No one is saying that and PLEASE, with the “vilifying” nonsense.

            But when you are regularly the voice chiming in with the “BUT HE DIDN’T MEEEEEAN IT”, it’s tiresome. You regularly explain away crappy things that often men say in the workplace and it’s dismissive and is also derailing.

            When someone is asking for advice on a course of action, you assuming that the person DIDN’T MEEEEAN IT is 1) totally unhelpful and 2) totally irrelevant.

            You also seem, from comments I have seen on a number of posts, to do this regularly. You get called out on it regularly and do not change anything about how you are approaching these situations.

              1. Amanda

                You’re right! I’m sorry Jake. I looked back through the thread and honestly confused male first names and thought you were a different commenter. My apologies.

                Long story short, I agree with neverjaunty above.

                1. Jake

                  I appreciate the apology, but I’m disengaging from this thread, as it is clear that I am inadequately explaining my point, and even if I were to adequately explain, I think several people already have made up their mind about this particular discussion.

        2. Chinook

          “This is some “boys will be boys!” bull.”

          I hate the “boys will be boys” bull too but I sort of see how it sometimes happens. Calling someone a “baby momma” and insinuating she is cheating on her husband with a coworker is not “boys will be boys.” It is pure “mean girl.”

      3. LBK

        I think in this specific instance, those should be obviously inappropriate comments, but I think a lot of people are genuinely unaware of some concepts like gendered/racialized language, microaggressions, etc. I’m always hesitant to say that ignorance isn’t an excuse; I’ve been educated right on this blog about things I truly hadn’t even thought about or understood before, for instance the racialized use of the term “thug”.

        That’s not to say that you ever owe someone the benefit of the doubt, and if they don’t seem to be genuinely interested in understanding why what they’re doing is problematic then eff ’em, for sure. It’s also by no means anyone’s obligation to educate others, but I don’t know that never giving people the benefit of the doubt is a good way to make progress.

        1. Bekx

          I agree. I know I’ve said some stupid things in the past that were really just me being ignorant, young, or immature. And I’ve been thankful (and mortified) when someone has kindly corrected me that what I said may be offensive to someone.

      4. Elizabeth West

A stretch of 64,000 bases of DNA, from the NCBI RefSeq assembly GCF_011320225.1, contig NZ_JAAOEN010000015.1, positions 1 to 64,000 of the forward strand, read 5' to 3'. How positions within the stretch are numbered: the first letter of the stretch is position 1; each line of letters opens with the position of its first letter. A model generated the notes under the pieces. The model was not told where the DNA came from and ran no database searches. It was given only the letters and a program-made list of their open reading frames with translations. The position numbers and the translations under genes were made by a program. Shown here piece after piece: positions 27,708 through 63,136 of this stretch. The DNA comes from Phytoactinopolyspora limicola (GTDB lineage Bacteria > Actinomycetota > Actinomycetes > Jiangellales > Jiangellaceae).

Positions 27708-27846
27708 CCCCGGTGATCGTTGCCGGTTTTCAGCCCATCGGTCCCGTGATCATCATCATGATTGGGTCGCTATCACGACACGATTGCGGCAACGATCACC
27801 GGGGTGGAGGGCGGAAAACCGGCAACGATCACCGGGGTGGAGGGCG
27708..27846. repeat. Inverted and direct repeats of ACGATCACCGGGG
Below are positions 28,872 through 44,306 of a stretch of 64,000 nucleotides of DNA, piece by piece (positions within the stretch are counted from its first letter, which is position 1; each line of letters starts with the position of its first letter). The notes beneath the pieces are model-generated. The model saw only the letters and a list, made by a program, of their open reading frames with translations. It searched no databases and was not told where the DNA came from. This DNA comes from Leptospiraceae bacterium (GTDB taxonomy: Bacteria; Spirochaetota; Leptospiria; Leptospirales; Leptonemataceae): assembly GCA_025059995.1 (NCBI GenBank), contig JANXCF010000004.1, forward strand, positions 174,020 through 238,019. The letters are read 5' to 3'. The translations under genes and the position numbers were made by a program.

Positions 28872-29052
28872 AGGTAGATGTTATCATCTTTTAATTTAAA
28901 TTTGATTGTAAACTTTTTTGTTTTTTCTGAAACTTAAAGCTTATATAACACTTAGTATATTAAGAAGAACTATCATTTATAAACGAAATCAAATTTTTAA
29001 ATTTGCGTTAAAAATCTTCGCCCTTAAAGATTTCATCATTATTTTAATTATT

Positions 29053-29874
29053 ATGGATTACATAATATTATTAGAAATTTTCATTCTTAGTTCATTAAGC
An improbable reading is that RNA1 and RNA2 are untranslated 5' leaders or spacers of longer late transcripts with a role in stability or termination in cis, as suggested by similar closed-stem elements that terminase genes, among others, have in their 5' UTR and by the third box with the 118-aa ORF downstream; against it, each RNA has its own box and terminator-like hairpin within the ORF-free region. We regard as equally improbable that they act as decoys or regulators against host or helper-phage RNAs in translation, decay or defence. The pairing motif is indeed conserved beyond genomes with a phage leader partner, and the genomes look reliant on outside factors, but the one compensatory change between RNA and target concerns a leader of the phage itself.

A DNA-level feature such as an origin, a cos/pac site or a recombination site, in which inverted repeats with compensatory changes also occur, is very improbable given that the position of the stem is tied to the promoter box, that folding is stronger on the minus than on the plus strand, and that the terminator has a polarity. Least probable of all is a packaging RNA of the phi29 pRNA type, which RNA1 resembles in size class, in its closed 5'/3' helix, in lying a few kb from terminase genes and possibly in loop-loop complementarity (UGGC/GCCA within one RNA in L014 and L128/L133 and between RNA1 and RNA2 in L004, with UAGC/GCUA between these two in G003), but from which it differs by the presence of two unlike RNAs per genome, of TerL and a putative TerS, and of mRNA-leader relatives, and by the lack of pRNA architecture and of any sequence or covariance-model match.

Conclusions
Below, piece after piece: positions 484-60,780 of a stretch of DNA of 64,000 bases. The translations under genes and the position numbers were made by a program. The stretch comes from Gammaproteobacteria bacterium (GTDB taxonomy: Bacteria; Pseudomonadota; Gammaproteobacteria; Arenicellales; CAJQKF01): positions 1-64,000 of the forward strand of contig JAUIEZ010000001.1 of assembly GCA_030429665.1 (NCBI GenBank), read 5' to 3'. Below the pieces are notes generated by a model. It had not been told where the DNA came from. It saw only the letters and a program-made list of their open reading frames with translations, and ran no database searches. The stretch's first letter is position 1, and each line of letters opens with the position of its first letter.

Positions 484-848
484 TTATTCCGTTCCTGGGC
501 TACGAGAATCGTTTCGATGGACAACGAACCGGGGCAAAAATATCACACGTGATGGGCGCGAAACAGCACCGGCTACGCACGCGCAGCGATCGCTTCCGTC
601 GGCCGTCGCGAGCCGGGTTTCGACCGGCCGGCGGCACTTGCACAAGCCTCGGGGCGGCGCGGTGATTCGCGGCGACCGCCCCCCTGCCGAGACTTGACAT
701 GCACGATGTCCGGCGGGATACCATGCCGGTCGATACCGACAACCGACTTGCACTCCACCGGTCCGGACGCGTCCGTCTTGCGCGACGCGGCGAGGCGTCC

I think in some cases, when someone is just being ignorant, you can say, “Hey, Cow-irker, I’m sure you didn’t mean to be offensive, but you should know that [insert crap phrase here] is actually offensive because [reasons]. You might not want to say it anymore because [HR/boss/legal].” You’re giving the benefit of the doubt while educating them at the same time. I know for a fact there are people here who have no idea what they’re saying. I actually called someone on saying “gypped” once and they were clueless.

        On the other hand, Fergus and his ilk know they are being asses and they don’t care. So no slack.

        1. ThursdaysGeek

          Yes. I’ve never called someone a baby mama, but I also didn’t know it was a racist term. We’re not born knowing which words and phrases are problematic, and as long as we’re willing to listen and learn, it’s good that there are people out there willing to speak up and teach.

          (And this comment has nothing to do with Fergus, because he’s not in the ‘willing to listen and learn’ camp.)

    3. SnowWhite

      There has just been a tribunal case ruling in the UK, similar to this (not as awful, where it has made clear – it doesn’t matter if he is joking it was still said, is offensive and discriminatory and is not acceptable.

  13. Dana

    The lack of professionalism and decency from this guy is appalling. I’m so sorry, OP. What happened to “if you don’t have anything nice to say, don’t say anything at all”? He’s entitled to not like whoever he wants, but this behavior is disgusting.

  14. KT

    I have nothing to add (except I also am saddened there isn’t a “set on fire” option), just OP, I am so so sorry you have to deal with this.

  15. Allison

    This is a big, steaming bucket of NOPE!

    This guy probably thinks he’s sooooo funny, but y’all need to get HR involved because this needs to be shut down yesterday.